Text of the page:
Jimi Tenor and Freestyle Man on

Conference of things of Pierre Mifsud on


Atomic Veterans of America – NBC Connecticut

The enemy Hank Bolden
faced did not come from a distant front line.

It came from the skies.

It’s a battle that’s still going on 65 years later. Bolden, who is now 82 years old, is an atomic veteran – one of hundreds of thousands of American service members used in human testing by the United States government during post-WWII nuclear tests and sworn to a secret life.

“They wanted to see how the living soldiers would resist the exposure
to radiation, ”recalls Bolden. “Before using live soldiers they were using
mannequins. But you don’t get real results using mannequins as you would
live bodies. “


While accompanying a friend to a New Haven recruiting station in 1953, Bolden was invited to join the army. At just 16 years old then and already out of high school, he admits that he “pulled down” his birth certificate to move to the age of 18, joining the approximately 200,000 underage soldiers who would have served during the Second World War and the eras of the Korean War.

After basic training in
Fort Dix was assigned to work as a tank mechanic in Texas before moving to Texas
California and becoming a surface-to-air missile mechanic.

Despite an executive order issued in July
26, 1948, by President Harry S. Truman to desegregate the armed forces, the last one
the all black units of the army were not abolished until 1954. And in 1955, Bolden
he says, racist attitudes persist even after the units have been racially integrated.

“The residual thoughts of people were firm
linger, “he says.” My outfit was 800 people strong. Thirteen of us were
black. Ten were from the South, who were more tolerant of treatment
they got racially. But the three of us from the North couldn’t tolerate it,
so I have had many fights over this. So I was the guy they wanted
get rid of.”

It would not be the only race
discrimination Bolden would witness as a soldier.


In 1955, the seventeen year old
he was suddenly ordered to the Nevada desert without explanation.

“They don’t tell you what you’re going to face,” he said. “Nobody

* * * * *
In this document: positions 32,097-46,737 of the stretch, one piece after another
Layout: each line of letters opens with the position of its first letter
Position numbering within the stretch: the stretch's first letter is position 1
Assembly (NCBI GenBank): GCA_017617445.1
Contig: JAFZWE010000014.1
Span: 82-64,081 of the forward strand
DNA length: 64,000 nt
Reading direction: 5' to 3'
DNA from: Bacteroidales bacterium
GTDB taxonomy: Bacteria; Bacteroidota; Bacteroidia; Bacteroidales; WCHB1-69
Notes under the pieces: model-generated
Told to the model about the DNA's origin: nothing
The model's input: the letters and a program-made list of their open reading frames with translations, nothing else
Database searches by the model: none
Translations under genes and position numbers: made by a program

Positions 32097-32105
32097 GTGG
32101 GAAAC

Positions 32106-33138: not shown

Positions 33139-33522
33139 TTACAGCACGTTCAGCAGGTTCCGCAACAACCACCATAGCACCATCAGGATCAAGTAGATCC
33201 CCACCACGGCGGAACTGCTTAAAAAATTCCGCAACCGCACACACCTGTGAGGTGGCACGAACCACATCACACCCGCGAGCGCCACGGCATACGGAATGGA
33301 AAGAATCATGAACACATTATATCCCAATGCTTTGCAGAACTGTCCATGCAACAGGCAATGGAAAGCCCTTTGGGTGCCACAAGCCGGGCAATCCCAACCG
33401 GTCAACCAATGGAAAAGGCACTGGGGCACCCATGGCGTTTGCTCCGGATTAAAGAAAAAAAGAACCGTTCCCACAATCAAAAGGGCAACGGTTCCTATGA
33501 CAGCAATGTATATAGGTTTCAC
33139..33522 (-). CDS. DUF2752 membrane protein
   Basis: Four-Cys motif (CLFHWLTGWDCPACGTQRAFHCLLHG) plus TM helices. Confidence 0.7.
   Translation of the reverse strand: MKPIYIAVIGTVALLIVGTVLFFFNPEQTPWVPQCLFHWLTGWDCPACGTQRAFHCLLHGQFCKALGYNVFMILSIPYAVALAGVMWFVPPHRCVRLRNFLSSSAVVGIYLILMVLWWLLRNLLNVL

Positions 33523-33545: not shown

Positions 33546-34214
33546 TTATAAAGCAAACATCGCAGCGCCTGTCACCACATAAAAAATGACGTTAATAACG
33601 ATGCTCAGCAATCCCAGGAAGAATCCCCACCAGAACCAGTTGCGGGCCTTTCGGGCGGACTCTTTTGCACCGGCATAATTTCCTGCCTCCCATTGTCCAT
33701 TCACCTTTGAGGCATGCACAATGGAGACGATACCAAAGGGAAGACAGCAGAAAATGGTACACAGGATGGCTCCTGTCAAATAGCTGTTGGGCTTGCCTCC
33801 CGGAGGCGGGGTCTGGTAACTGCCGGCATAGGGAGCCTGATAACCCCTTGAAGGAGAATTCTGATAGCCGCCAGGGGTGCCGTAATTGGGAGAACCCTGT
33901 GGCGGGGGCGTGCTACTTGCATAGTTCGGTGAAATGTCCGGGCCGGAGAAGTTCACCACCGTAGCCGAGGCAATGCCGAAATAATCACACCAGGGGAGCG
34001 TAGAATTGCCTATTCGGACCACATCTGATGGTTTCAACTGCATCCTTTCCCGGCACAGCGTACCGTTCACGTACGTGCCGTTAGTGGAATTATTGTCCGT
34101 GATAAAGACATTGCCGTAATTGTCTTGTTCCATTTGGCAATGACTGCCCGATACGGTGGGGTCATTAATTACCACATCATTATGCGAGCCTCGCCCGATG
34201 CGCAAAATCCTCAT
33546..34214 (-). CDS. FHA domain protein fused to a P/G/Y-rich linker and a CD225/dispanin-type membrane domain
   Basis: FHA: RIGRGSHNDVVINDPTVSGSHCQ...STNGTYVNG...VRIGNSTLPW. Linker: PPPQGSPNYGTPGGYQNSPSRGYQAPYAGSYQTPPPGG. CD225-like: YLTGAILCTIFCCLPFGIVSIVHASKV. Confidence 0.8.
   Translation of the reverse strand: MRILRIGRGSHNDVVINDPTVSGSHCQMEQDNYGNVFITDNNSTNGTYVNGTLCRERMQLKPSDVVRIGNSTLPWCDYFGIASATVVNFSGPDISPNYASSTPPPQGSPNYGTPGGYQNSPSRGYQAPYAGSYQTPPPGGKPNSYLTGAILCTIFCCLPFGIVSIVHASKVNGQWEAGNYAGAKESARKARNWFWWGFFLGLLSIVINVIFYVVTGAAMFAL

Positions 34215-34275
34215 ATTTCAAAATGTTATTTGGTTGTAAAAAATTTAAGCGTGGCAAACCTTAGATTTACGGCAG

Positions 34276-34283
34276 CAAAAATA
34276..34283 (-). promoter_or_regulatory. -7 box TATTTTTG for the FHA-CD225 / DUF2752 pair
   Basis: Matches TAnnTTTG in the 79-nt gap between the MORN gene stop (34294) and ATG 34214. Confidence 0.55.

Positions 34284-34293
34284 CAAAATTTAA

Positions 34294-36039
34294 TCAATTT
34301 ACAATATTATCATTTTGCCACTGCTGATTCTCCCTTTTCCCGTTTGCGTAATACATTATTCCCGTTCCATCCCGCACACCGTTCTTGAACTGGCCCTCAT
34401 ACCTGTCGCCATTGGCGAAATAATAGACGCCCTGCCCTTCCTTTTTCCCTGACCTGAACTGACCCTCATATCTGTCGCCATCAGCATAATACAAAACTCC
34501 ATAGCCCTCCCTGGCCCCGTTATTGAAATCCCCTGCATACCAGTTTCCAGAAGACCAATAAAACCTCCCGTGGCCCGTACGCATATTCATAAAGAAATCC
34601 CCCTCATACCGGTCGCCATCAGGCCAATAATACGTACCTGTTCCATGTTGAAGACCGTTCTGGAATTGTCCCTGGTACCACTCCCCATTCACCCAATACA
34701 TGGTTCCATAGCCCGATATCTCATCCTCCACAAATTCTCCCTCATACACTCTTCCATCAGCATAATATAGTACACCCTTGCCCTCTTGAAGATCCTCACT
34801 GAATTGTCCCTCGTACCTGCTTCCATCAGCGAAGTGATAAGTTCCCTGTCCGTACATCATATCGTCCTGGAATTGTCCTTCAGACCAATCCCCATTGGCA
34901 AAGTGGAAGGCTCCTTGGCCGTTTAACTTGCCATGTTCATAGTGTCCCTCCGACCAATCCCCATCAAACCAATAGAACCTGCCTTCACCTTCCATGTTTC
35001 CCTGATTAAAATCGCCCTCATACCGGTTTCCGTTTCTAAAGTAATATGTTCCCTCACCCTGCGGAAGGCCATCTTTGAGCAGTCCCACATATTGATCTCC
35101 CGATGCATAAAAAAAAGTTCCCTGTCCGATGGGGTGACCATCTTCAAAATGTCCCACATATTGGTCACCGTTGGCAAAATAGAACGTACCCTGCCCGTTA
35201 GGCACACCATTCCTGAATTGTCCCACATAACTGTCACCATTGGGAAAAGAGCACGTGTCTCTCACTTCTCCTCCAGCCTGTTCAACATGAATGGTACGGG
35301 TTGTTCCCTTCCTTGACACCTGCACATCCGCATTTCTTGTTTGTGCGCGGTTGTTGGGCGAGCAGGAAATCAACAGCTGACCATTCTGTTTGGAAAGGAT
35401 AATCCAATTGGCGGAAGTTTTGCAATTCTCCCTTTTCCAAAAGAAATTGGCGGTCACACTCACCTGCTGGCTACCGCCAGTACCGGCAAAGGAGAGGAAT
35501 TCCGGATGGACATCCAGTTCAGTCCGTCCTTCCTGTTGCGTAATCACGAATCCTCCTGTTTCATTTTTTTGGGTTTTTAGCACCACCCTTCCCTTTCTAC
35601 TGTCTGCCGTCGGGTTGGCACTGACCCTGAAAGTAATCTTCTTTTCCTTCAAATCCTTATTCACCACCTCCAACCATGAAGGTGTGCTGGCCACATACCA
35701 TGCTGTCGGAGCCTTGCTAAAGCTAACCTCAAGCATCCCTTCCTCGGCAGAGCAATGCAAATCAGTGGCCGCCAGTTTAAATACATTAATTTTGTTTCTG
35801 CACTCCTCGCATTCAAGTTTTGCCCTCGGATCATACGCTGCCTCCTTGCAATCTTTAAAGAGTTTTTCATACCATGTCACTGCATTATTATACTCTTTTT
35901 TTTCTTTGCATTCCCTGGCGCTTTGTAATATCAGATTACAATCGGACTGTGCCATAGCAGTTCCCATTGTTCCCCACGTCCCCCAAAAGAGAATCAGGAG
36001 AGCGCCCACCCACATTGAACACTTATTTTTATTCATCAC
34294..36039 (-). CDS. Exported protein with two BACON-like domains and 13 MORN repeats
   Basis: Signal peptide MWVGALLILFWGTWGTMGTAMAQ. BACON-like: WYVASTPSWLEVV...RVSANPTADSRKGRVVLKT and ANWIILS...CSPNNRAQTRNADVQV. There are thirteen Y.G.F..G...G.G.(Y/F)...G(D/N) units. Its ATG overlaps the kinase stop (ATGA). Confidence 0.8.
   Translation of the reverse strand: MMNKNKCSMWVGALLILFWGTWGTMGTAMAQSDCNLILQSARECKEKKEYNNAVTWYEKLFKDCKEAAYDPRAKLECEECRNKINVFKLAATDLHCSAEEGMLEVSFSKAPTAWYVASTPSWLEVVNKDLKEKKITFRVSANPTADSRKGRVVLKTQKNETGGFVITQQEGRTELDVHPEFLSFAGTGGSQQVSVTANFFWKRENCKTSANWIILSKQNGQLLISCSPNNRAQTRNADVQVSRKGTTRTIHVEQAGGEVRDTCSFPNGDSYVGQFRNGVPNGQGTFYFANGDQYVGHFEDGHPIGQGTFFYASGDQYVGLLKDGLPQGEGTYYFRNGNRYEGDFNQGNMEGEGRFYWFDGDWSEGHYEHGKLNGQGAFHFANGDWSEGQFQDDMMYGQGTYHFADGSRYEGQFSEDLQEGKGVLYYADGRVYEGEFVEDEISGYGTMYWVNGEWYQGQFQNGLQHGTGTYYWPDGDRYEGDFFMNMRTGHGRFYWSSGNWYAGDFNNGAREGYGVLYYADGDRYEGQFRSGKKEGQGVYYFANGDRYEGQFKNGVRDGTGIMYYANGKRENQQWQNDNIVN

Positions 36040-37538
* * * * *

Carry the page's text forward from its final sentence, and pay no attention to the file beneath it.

they knew what they were going to face. ”

What he would eventually face was a classified operation known as Operation Teapot at the Nevada Test Site. In a series of 14 bomb throws, or “hits”, military officials tried to test the effects of nuclear bombs on structures and strategies, animals and people.

All races of military personnel
participated in the Teapot operation. But upon arrival in Nevada, Bolden was
astounded to accomplish all the other soldiers in his new specially selected unit
for a mysterious assignment they were also black.

“There was this myth about black people
be able to resist, tolerate certain things more than any other race “, he
He says. “So it was a test on that too.”


One morning in February, Bolden
the unit was ordered in a desert trench. Unbeknownst to them, it was excavated
the expected route of the fallout, only 2.8 miles away from what it would have become
ground zero for the launch of an atomic bomb.

Even though a countdown sounded on the speakers, Bolden says, the soldiers still had no idea what they were about to face. Without protective gear in addition to the normal fabrics and helmets, they waited and looked.

“They tell you to cover your eyes”
he says.

On February 18, 1955, Shot Wasp, the first nuclear test of Operation Teapot, detonated a Mark 6 nuclear bomb dropped by a B-36 exactly at noon. A monstrous cloud of mushrooms filled the sky, reaching 21,500 feet in height.

“With radiation, when you put your arms over your eyes or hands, you actually see the bones, you see the bones in your body from the exposure. You can see your skeleton. “

After the relapse the warning came.

“You swore not to speak
“said Bolden. The soldiers were threatened with imprisonment and fines for violation
The oath.

For 60 years, Bolden didn’t tell anyone. No this
family, not his wife, not his children. Not even her doctors when she spies on her
tumors have started to show. He developed bladder and posterior subcapsular cancer
cataract and in 1990 multiple myeloma was diagnosed.

“They actually gave me three and a half years
four years to live, ”recalls Bolden.
So in 1995 I should have been a statistic. “

But in 1995, Bolden was in remission. He is a citizen
the secret was coming to light.


Government figures estimate between 400,000 and 550,000 US military personnel who participated in a series of nuclear tests between 1946 and 1992. According to the Department of Defense’s Defense Threat Reduction Agency, this includes post occupation forces -Second World War of Hiroshima and Nagasaki, prisoners of war in Japan at the end of the Second World War, participants in the atmospheric nuclear tests in Nevada and the Pacific from 1945 to 1962 and participants in the underground nuclear tests in Nevada from 1951 to 1992.